Know the warning signs:
- Still or calm air (no wind)
- Greenish or greenish-black sky
- Loud sound similar to a freight train
- Rotation clearly visible in the clouds
- Funnel shape descending from the clouds
- Debris flying through the air
If you spot a tornado or have been warned that one is imminent do not attempt to outrun it on foot! It may be possible to out-drive the tornado in your vehicle, but don't count on it! Consider the following:
- Get out of your tent or camper immediately. Do not seek shelter in a cabin or vehicle. None of these shelters are able to provide adequate protection!
- If you live in a tornado-prone area your campsite may provide a tornado shelter. If such a shelter is available get to it as quickly as possible!
- If a cave is nearby seek shelter there. If no shelter is available seek out a ditch or ground depression where you can lay face down and cover your head.
- If possible, take your sleeping bag, camp pillow, or a small backpack with you; you can use these items as padding to cover and protect your head from flying or falling debris.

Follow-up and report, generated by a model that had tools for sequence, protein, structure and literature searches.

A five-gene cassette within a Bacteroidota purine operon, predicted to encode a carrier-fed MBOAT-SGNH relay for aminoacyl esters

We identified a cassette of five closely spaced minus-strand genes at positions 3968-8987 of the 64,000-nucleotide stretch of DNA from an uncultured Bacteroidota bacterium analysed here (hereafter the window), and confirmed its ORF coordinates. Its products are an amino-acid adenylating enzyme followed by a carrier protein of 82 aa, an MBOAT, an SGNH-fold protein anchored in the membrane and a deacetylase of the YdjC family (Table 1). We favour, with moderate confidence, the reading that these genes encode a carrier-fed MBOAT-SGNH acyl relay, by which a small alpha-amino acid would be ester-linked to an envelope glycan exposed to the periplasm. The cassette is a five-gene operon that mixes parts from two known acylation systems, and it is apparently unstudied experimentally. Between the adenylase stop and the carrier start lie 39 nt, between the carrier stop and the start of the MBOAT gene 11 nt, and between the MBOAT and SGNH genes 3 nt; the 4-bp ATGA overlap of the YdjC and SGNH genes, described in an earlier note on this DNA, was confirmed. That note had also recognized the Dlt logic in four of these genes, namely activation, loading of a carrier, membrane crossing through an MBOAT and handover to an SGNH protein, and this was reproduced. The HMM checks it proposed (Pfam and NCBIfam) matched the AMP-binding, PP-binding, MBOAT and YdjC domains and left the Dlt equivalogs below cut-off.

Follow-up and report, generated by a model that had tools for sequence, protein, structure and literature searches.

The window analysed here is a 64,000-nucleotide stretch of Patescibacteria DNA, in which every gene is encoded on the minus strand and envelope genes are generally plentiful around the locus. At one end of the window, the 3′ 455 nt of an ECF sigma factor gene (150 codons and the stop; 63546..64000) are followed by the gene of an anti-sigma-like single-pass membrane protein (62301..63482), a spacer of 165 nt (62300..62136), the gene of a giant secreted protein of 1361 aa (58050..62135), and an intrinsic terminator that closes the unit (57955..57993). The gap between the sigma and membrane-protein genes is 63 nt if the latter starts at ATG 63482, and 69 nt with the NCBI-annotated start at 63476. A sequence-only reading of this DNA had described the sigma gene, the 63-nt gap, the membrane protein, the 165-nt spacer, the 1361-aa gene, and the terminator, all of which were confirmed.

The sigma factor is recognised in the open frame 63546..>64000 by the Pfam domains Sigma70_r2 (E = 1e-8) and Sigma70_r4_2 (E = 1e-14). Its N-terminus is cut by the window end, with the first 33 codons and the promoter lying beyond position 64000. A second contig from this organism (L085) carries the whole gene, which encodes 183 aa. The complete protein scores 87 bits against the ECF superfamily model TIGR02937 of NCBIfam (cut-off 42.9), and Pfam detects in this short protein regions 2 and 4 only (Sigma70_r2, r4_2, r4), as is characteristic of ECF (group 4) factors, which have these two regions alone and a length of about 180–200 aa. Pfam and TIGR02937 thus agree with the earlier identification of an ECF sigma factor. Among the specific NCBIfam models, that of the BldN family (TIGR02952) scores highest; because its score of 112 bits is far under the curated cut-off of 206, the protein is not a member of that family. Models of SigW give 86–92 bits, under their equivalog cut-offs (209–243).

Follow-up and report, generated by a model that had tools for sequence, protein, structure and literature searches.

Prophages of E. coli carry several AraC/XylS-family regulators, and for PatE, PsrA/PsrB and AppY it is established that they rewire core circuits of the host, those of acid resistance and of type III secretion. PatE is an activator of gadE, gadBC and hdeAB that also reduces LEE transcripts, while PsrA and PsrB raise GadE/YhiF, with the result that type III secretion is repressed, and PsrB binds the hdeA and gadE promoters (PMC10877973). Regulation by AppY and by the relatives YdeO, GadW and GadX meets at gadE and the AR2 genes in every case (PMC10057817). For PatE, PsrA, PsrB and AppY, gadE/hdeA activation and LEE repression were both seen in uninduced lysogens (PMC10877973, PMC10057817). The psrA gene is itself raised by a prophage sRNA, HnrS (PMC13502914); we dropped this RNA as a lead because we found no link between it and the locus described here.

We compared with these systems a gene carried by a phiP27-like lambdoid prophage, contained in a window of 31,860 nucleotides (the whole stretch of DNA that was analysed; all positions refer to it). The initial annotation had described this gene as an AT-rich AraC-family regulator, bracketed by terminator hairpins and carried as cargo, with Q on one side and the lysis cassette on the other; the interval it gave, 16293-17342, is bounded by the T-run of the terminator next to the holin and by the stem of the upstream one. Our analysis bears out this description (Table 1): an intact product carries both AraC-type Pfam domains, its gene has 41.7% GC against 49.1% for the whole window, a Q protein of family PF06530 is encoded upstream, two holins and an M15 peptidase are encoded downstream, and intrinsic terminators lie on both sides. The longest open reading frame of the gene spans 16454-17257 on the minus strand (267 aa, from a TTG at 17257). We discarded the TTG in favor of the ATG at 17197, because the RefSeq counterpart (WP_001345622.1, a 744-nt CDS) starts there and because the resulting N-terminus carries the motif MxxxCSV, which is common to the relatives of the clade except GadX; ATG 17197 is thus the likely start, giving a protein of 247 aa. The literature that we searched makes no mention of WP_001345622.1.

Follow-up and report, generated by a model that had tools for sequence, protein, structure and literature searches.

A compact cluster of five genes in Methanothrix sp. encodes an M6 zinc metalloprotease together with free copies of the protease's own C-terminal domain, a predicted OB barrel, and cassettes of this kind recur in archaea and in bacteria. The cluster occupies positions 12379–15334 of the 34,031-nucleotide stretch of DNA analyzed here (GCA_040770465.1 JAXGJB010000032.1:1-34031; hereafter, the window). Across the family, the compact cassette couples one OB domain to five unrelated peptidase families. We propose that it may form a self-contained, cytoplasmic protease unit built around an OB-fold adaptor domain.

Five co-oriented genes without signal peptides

- Move away from areas of downed or broken trees. Try to distance yourself from any potential debris including camp equipment.
- Remember that if you can not see the tornado moving to the left or to the right it may be moving directly towards you!
Safety During an Earthquake
Earthquakes are not as likely to occur as severe weather, but it is always a good idea to be prepared. Should an earthquake occur during your next camping trip follow these four tips:
- Get out of your tent! Your tent could become entangled around you and suffocate you.
- Move away from trees, boulders, and other objects which could fall and injure or kill you.
- If one is burning, move away from the campfire, and as soon as the earthquake passes put the fire out!
- Seek cover underneath a table or vehicle.
This content is accurate and true to the best of the author’s knowledge and is not meant to substitute for formal and individualized advice from a qualified professional.